Arcadia Group’s seven brands — Topshop, Topman, Miss Selfridge, Evans, Burton, Dorothy Perkins and Wallis – are all getting their own online ordering in store service.
Developed to improve in-store sales, efficiencies and customer service, the dedicated assisted sales application connects online with offline to bring all the benefits of the website to the physical store. Recently other retailers have seen the advantages of in-store online tech, with Pets At Home rolling out customer service iPads and then a dedicated in-store customer help app.
Designed by Arcadia’s connected retail technology partner Red Ant as a fully branded customer-facing application, the system allows sales colleagues to provide a speedy, well-informed service for customers, reflecting each brand’s existing high-quality online shopping experience.
The iPad application, above, fully integrates with existing retail web services, systems and data from across the business to empower colleagues to provide excellent customer service:
- Fully transactional checkout, full stock visibility, and the ability to click and collect from other stores
- Allows sales colleagues to order items for customers from central stock that are not available in store
- Fully integrated for real-time product information, gift card transactions and promotions
- Single-screen checkout designed specifically for assisted selling with iPad tightly integrated with wireless Bluetooth Chip & PIN device to process transactions in seconds
Additionally, because the application was built on existing integration work and the award-winning interface developed for the Arcadia brands’ consumer mobile applications, Red Ant was able to deliver the service with unprecedented efficiency and a faster speed to market, giving colleagues an intuitive, easy-to-use experience that also minimises training.
A multi-brand limited-store pilot demonstrated the commercial potential of the solution and generated invaluable staff and customer feedback and rich performance data. Online ordering in store has since been rolled out to some 1400 UK stores, and continues to receive very positive feedback from customers and colleagues alike as the service is enhanced in response to feedback. Commercially, the service has proved to be an important addition to Arcadia’s multichannel offering, and now accounts for more than 5% of online sales.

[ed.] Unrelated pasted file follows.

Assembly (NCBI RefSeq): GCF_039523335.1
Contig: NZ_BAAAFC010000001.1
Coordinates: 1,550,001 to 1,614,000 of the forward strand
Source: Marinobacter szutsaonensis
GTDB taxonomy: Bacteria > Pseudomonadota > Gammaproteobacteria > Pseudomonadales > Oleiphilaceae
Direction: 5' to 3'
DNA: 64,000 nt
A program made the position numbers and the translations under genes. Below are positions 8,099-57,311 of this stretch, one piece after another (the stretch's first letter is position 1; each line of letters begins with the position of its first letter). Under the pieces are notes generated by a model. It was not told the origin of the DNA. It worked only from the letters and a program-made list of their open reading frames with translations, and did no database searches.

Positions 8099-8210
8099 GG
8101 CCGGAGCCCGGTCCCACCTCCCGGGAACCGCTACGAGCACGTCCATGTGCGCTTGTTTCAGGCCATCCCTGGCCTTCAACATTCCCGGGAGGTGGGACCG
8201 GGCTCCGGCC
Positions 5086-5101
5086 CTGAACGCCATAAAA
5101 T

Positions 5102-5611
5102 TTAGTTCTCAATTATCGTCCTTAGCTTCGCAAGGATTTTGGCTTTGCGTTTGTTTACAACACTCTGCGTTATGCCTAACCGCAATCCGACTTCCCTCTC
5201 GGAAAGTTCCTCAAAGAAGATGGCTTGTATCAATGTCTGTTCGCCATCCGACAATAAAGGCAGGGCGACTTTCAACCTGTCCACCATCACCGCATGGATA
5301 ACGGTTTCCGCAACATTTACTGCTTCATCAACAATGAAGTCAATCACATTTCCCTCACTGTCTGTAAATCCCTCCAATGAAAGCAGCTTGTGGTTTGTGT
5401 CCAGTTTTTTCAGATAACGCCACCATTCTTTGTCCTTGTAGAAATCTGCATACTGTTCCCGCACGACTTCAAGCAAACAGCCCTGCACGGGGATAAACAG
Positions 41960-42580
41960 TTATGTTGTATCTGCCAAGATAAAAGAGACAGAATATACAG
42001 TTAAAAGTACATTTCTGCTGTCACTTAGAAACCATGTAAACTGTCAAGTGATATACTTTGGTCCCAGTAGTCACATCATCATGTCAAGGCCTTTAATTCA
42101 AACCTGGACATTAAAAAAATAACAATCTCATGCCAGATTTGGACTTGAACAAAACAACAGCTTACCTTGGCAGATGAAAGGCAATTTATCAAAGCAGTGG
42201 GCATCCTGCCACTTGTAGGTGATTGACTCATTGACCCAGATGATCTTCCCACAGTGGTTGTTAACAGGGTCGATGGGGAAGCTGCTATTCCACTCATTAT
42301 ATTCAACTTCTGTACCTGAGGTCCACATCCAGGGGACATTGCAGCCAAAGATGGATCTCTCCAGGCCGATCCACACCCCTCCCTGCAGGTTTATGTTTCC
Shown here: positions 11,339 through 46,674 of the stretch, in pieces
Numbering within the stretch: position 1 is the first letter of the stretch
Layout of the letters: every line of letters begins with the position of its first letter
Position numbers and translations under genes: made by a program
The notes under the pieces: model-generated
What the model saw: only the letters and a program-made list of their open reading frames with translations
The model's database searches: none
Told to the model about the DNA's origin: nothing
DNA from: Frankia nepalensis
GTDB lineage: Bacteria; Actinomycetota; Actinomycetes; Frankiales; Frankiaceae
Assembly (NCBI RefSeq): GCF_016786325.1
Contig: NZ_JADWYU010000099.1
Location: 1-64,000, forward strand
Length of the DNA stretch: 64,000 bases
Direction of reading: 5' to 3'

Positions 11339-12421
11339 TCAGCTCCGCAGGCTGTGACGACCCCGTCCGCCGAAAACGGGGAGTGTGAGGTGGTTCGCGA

Simon Pritchard, Group Digital Director of Arcadia Group, says of the project: “Arcadia Group is always looking for exciting ways to develop our business and encourage new ideas and innovation that will resonate with our customers and improve their shopping experience, both in store and online. With online ordering in store, combining Red Ant’s technology and wider industry experience with a highly customer-focused, evidence-based development process has delivered a major advance against our ambitions to provide a richer and more connected experience in store.”
Dan Mortimer, CEO at Red Ant, adds: “We’ve been working closely with the Arcadia Group for several years now and we know that Arcadia’s customers expect a well-informed, personalised service. Our technology empowers sales colleagues to deliver a truly connected store experience, bringing the convenience and simplicity of shopping online into the store and contributing to the Group’s overall innovation and connected retail ambitions.”
The move comes amid warnings that bricks and mortar retailers are losing custom because of poor in-store tech. According to the data collected for the Fujitsu research, The Forgotten Shop Floor the gap between online and in-store technology means that customers can access more information than staff, according to 7 in 10 UK retail employees. Nearly three quarters also say shoppers can access information more quickly,
Retailers are at risk of not only missing out on potential revenue, but even losing customers as a result of poor in-store technology; 61% of consumers say the quality of in-store technology impacts their loyalty, while 79% say a positive experience would make them likely to spend more in-store, warns Fujitsu.